“Surveys from work-related accident rates show the United Kingdom, Germany and Finland have the lowest rate of fatalities, with 2 deaths per 100,000 people in these countries; While in Iran the rate is 12 per 100,000 people.”
Forensic Medicine also said that the number of people who died in work-related accidents in the first three months of this year increased by 17.9 percent compared to last spring. (Forensic Medicine website, 29 July 2019)
Many work accidents in Iran are not announced by state media, and state statistic agencies are accused of minimizing negative statistics, thus experts believe the rate of work-related accidents is much higher.
The official statistics on deaths from accidents at work are those of workers subject to the labor law, but deaths from workers who are not subject to this law are excluded.
Construction workers and small workshop workers who number less than 10 at work are also not subject to the labor law, and their accident statistics are rarely recorded.
The number of construction workers in Iran is more than two million, so the number of accidents and casualties of these workers is the highest by the workers.
But this is not published by state media and is not reflected in the forensic reports of the Ministry of Labor and the Social Security Organization.
Rarely are cases of deaths due to toxic contamination reflected in the statistics of Iran’s state entities.
The death toll from hard and harmful works linked to contaminants and job illnesses is six times higher than physical accidents, which is not reflected in workplace accident reports. These are jobs that relate to non-standard physical, chemical, mechanical, and biological factors in the workplace, causing the person to have physical and psychological problems.
While many work-related fatalities are not accounted for, accidents resulting in deaths in Iran are still six times higher than those in developed countries.
During the first five months of 2019, some “583 people referred to forensic medicine departments due to work-related injuries,” according to the official IRNA news agency. “During this time, 29 workers died as a result of work-related accidents.” (IRNA News Agency, 2 October 2019)
Five workers were injured in accidents in Hamadan, Tehran, and Sorkheh due to a lack of safety in the workplace on 29 August 2019.
The state-run Hamdeli newspaper admitted to this human tragedy and wrote that in Iran the “only record where workers come first” is in the number of work-related accidents. It added that annually 800 to 1000 construction workers die.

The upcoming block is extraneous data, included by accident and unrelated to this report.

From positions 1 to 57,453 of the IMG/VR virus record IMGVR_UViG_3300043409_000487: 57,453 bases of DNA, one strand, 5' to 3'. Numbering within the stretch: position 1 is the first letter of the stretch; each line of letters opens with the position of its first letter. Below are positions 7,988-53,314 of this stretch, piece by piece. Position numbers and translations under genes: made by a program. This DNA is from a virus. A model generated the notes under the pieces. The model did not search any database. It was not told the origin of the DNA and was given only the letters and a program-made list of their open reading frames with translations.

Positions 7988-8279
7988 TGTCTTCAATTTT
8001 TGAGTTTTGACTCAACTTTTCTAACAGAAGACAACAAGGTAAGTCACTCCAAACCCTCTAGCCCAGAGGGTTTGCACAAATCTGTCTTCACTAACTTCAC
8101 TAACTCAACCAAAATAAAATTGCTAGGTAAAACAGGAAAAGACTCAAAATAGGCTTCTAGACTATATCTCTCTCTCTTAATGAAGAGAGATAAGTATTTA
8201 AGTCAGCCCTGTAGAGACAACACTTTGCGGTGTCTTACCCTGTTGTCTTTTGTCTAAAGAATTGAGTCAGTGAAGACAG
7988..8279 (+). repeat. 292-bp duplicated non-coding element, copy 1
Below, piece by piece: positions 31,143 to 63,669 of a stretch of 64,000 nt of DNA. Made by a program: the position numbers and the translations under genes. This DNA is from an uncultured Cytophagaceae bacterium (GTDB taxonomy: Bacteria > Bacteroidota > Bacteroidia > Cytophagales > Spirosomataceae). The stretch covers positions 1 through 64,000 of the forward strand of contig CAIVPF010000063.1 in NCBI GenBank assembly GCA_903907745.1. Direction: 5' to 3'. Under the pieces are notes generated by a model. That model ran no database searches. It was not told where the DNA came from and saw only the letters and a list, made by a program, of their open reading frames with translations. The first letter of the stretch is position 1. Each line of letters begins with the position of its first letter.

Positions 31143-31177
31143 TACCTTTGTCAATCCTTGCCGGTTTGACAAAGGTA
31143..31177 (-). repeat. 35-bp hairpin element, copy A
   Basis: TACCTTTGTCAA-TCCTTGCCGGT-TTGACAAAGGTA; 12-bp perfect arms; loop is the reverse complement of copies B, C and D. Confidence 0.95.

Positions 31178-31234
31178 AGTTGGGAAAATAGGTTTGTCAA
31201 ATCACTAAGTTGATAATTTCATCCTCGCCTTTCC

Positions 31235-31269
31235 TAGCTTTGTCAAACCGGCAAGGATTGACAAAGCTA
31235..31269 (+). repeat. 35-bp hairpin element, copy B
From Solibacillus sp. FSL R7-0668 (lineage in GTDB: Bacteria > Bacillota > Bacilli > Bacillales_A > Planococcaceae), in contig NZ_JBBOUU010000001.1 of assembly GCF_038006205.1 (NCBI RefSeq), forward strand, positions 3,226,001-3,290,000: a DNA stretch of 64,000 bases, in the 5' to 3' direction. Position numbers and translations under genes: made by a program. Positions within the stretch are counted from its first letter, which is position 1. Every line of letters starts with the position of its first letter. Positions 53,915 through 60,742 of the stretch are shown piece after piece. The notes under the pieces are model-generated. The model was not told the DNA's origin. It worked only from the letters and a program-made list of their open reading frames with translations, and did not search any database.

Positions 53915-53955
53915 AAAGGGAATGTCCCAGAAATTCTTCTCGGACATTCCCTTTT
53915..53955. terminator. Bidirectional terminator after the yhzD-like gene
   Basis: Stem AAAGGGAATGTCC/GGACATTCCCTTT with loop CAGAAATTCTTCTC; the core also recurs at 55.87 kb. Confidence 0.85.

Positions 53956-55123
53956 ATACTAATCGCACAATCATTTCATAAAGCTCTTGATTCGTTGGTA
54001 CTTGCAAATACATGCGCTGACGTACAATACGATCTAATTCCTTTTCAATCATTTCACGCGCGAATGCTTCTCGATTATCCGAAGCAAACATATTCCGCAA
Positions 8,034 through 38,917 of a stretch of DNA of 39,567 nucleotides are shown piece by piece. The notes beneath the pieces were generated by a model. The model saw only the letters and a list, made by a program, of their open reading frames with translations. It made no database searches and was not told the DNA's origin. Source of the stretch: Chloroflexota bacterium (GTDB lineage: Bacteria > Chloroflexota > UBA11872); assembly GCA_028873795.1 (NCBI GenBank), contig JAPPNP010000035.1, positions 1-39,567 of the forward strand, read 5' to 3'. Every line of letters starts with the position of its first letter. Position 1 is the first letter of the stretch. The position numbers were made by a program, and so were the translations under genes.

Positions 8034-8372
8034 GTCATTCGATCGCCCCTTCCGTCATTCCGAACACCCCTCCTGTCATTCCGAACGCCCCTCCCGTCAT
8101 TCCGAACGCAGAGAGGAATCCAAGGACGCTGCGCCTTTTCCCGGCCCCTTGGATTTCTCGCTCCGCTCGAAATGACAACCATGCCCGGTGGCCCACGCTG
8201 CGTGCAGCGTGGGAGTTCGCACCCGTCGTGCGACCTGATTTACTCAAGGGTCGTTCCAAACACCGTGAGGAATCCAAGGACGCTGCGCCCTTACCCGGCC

Acknowledging that the rights of construction workers are being violated, the newspaper quotes one of them: “Construction workers are forgotten and left behind. They are not recognized either by the employer or by labor law as independent workforces. Employers and project owners, since they know they are in dire need of financial help, have in many cases not even a humanitarian behavior, let alone providing them with safety facilities. ”(Hamdeli newspaper, 25 August 2019)
Because of a lack of job security, construction workers have to resort to the most severe forms of exploitation by government employers and do the hardest work in conditions that do not have the least safety and health at work, according to Iran watchers.
Regarding the insecurity of working conditions for industrial and manufacturing workshops, the state-run Jahan Sanat daily wrote: “Many workshops are in insecure conditions, and workers do not have proper working life security, but livelihood problems force the workers to live and work in these unsafe conditions or refuse to accept work in an unsafe environment without proper safety equipment. Lack of proper government oversight has led many employers to fail to provide workers with safety equipment.” (Jahan Sanat, 1 May 2019)
This is a situation where the gap between the poverty index and the income of workers has quadrupled; workers who are living in this situation, with a livelihood of more than 80 million rials, are actually living under the ‘death line’.
Experts say that in Iran, workers’ basic human rights are being violated, and government-affiliated employers exploit them and raise labor time with lower wages while imposing strange contracts on them.
Examples of such contracts are: “trial contracts”, “one-person contracts”, “traineeships contracts”, “consultancy contracts”, “charity workers” and “work desk rentals”.
Regarding the imposition of these unique arrangements on the workers, an official at the Supreme Council of Labor said: “These things happen more in the oil and gas field”.